Though digital economy is growing quickly across Asia Pacific (AP), the digital payment infrastructure has not penetrated all customer segments yet. As of 2018, 55% of the population in AP have a smartphone, which indicates there is still a significant number of consumers who don’t have access to digital payment. But even with digital customers, the ones who have a smartphone, adopting and using digital retail payments is not as natural as using cash or cards. In other words, driving usage of a new payment system is hard. Payments are emotional, with a complex value chain involving customers, banks, acquirers, clearinghouses, card schemes, regulators, and merchants. Trust plays a huge part in the success of any new payment system, and any friction can create obstacles. In Asia Pacific, our research shows that there are three key challenges to overcome:
- Lack of differentiated value for customers. In terms of customer value, just providing convenience will never be good enough. The new payment system should also be more secure than existing, familiar means of payment. In Hong Kong, 35% of consumers who have not used digital payments worry that digital payment methods are not as secure as traditional ones. Awareness of and familiarity with payment brands is another critical, required value. In Japan and Australia, about 30% of online adults who haven’t used a digital payment method say they don’t know enough about digital payments.
- Fragmented standards. The lack of a unified standard will create heavy barriers for scaling digital retail payments and impede ubiquitous merchant acceptance. For example, there are more than 10 payment services in Japan — each one using its own QR code standard. Participating merchants need to install separate payment apps or readers for each service, which has kept merchants away from digital retail payments. Not until recently has the regulator put a unified QR code in place to drive merchant and consumer acceptance.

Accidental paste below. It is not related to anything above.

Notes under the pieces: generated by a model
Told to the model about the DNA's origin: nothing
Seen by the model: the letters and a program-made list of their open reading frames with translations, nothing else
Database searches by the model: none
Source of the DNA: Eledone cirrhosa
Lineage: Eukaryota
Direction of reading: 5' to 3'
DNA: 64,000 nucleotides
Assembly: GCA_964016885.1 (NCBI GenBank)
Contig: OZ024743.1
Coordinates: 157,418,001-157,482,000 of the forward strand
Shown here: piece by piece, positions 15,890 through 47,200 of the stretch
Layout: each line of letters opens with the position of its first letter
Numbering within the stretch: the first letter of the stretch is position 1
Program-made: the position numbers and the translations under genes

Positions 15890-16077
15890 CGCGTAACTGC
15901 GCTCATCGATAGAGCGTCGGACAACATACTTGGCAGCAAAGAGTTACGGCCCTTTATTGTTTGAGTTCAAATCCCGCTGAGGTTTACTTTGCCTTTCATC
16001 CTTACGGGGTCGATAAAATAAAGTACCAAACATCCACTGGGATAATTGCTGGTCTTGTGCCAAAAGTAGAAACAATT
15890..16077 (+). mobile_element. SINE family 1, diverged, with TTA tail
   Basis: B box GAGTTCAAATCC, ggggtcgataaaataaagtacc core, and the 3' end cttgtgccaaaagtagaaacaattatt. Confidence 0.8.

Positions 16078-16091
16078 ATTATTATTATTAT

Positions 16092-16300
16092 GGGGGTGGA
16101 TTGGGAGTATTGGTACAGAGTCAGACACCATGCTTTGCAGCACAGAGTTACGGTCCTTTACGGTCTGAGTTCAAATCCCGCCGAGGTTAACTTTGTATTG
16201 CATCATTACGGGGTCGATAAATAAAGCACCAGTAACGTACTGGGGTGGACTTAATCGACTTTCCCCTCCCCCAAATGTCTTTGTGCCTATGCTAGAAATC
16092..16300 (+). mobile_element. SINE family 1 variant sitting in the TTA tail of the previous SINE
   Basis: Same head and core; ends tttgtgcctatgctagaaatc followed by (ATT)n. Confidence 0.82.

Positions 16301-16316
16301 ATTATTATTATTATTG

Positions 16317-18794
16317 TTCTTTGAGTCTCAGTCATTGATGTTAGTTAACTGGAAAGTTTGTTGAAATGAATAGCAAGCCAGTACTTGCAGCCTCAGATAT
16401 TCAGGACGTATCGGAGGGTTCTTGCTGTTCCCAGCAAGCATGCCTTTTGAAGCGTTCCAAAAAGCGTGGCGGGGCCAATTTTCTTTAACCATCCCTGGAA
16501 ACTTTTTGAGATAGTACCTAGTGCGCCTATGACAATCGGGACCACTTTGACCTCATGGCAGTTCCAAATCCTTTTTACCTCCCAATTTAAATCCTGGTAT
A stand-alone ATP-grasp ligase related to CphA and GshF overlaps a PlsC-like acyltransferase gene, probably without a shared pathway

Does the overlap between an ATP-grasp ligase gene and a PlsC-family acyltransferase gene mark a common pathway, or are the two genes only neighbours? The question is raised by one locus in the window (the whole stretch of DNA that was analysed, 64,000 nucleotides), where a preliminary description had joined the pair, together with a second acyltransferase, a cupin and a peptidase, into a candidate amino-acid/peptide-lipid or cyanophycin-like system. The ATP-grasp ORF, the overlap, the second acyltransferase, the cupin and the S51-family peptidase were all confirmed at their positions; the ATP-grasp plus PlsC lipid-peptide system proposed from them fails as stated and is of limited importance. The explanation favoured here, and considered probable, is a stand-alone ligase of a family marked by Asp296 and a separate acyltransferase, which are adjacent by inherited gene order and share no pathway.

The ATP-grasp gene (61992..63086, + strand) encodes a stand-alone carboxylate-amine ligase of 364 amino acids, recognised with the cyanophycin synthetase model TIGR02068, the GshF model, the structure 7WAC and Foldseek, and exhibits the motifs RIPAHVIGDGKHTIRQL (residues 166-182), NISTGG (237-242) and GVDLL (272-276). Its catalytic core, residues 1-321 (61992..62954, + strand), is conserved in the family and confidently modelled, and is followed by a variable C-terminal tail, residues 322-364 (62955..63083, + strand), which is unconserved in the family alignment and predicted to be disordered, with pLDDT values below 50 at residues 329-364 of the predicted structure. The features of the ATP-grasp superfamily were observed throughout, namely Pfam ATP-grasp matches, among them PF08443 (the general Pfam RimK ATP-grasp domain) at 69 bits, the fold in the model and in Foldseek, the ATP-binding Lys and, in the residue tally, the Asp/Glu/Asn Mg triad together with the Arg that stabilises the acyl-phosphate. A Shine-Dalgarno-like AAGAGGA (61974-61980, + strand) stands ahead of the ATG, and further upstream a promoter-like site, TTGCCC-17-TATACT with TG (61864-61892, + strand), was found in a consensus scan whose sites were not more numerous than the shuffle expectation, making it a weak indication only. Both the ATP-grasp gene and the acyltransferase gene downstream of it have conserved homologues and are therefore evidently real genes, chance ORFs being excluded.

- Fragmented digital retail payment ecosystems. Some AP markets have dozens or even hundreds of payment brands, which can confuse consumers. This makes it difficult for a digital retail payment method or brand to penetrate the local market or expand to other markets quickly. A clearer regulatory framework to streamline the market and protect customers from unlicensed or unregulated digital payment players needs to be in place to bring greater transparency and trust.
While the usage of digital retail payments is rising across Asia Pacific, individual geographies vary significantly in their digital payment maturity. Specific local characteristics like consumer behaviors, payment ecosystems, and financial regulations make this a very diverse market. For more information on the individual markets’ digital retail payment landscape and recommendations to banks and fintechs, Forrester clients can read the report, “The State Of Digital Retail Payments In Asia Pacific,” which analyzes six markets in AP: Australia, mainland China, Hong Kong, India, Japan, and South Korea. You can also schedule an inquiry with me at firstname.lastname@example.org.
This is the second post in a series about digital retail payment trends in Asia Pacific in 2020. Click here to access the first post detailing the four catalysts driving adoption in AP.